Common sense security

In these days of almost universal dependence on computers anything that disrupts the smooth running of IT systems causes a great deal of stress and frustration.

Luckily for the IT budgets of most businesses, few people actually act on these urges.

But according to computer experts, employers do not generally recognise the risk they face from staff venting their frustrations in subtler, but potentially far more damaging ways.

An article in this week’s Accountancy Age warns that it only takes one disgruntled employee to abuse his access rights and damage the organisation.

This is an important issue, and one that employers should sit up and take notice of.

Directors of publicly quoted companies in particular will be aware that they have a legal responsibility to act on computer security since the implementation of the Turnbull reforms.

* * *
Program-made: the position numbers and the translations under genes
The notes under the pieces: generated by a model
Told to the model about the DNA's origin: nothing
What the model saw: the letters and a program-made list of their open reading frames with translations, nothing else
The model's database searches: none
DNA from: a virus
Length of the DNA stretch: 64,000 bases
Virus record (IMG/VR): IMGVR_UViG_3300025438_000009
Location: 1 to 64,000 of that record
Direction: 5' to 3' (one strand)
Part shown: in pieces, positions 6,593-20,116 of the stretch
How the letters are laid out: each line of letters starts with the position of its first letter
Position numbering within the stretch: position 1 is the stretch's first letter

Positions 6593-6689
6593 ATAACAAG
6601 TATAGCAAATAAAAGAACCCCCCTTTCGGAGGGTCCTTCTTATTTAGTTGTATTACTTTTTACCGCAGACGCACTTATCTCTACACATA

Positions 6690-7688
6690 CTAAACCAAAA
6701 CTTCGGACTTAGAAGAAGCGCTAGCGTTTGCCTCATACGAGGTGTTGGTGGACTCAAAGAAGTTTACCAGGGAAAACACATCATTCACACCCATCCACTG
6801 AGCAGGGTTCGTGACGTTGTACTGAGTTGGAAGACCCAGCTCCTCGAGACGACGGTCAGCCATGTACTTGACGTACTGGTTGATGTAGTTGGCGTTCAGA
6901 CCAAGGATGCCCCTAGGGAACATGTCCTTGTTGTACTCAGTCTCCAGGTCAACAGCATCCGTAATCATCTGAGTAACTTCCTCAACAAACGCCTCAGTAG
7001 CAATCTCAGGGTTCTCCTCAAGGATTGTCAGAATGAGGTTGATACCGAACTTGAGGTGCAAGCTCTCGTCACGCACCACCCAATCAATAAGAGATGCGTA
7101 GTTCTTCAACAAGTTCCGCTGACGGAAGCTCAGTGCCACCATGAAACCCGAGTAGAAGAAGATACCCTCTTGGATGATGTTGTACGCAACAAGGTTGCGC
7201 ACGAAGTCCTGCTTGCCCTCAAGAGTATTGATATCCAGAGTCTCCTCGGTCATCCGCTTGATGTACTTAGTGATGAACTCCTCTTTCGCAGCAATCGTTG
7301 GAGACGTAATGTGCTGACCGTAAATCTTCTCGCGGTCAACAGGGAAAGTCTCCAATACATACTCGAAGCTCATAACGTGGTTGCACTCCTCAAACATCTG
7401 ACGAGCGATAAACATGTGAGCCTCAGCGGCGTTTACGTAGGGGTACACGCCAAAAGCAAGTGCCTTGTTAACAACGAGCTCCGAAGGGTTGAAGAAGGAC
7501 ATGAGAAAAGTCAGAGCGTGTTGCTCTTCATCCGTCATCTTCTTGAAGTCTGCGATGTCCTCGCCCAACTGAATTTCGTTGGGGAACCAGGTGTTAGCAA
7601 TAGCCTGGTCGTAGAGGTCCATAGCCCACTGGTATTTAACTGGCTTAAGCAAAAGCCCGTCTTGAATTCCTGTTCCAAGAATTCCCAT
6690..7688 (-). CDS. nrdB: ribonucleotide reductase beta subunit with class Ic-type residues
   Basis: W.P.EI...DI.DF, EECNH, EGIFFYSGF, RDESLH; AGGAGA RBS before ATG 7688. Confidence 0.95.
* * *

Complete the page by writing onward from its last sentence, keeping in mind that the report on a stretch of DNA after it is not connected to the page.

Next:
But employers should be careful before they start implementing expensive big brother-style systems to ‘monitor’ their employees.

Excessive snooping could feed the disaffection the consequences of which they are seeking to avoid, and make staff feel they are being treated like children. And overly complicated security systems will just cause more frustration among a stressed workforce.

Security is important, but it needs to be applied with a large dose of common sense.

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